Deckel FP1 Millers Page 2
The knob on the end of the long power-feed direction and engagement lever can be seen between the two speed-control handles on the right-hand face of the machine. Founded in Germany during the early years of the 20 th century, the Deckel Company’s machine-tool business grew out of their involvement with the camera industry. Deckel FP with dividing head mounted horizontally on right-angle bracket.
Deckel FP circa with vertical dividing head and overarm mounted. Vertical dividing head with 3-jaw chuck mounted. Universal swivel-base base on tight-angle arm. Dividing head on right-angle arm. Right-angle accessory table for the FP.
Toolroom milling machine Deckel FP1
A selection of punch tools made on the Deckel FP. Maker’s countershaft for the FP. FP with maker’s countershaft drive. Note the very large micrometer dials and lack of a “Stickshift” table control lever. Over the years the FP1 was to be built in four main versions, each easily distinguished: General Layout Constructed in an ingenious way, the layout of the spindle-drive system was both compact and effective: The chrome-nickel alloy spindle was case hardened and ran in bearings that provided both excellent support and an easy means of adjustment.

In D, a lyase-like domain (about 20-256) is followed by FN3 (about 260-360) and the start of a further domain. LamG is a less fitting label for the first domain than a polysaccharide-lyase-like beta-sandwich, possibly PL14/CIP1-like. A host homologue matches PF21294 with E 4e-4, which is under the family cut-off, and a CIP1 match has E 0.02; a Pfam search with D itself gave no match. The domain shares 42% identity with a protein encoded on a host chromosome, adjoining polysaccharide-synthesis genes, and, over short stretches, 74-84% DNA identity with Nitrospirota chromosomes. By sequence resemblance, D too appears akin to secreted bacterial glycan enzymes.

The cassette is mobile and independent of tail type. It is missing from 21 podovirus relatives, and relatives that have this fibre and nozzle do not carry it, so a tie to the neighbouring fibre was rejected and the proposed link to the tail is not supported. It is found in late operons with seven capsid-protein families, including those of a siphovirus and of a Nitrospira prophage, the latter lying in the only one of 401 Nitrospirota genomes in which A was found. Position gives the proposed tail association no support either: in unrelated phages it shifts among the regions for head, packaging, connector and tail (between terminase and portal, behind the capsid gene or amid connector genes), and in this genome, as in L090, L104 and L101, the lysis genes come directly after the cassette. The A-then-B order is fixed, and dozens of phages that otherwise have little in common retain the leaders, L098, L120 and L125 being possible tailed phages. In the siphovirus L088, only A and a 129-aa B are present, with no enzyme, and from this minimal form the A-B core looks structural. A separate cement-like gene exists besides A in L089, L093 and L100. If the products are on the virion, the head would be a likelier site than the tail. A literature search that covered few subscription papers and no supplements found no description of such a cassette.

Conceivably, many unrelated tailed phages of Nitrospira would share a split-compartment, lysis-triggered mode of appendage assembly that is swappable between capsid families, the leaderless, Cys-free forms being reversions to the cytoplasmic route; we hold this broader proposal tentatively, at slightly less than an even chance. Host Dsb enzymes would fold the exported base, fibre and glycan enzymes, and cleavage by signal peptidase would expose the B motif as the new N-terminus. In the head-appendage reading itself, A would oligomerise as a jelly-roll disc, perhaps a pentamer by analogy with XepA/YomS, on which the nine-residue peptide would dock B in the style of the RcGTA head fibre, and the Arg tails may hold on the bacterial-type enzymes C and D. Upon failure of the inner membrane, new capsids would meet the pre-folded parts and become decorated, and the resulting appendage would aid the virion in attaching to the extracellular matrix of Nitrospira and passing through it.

To solve the problem of how to drive the spindle when its housing was moved forwards and backwards to provide lateral travel to the cuttera long fixed gear was mounted parallel to and beneath it on the final-drive shaft and the upper gear allowed to slide along it. A word of warning for users of the English-made Alexander “Master Toolmaker” who might want to fit a Deckel head – the Alexander drive gear has a degree pressure angle whilst that of the Deckel is Besides normal horizontal and vertical milling operations, all models were available with a range of accessories to cover slotting, jig boring, jig grinding, spiral milling and punch milling.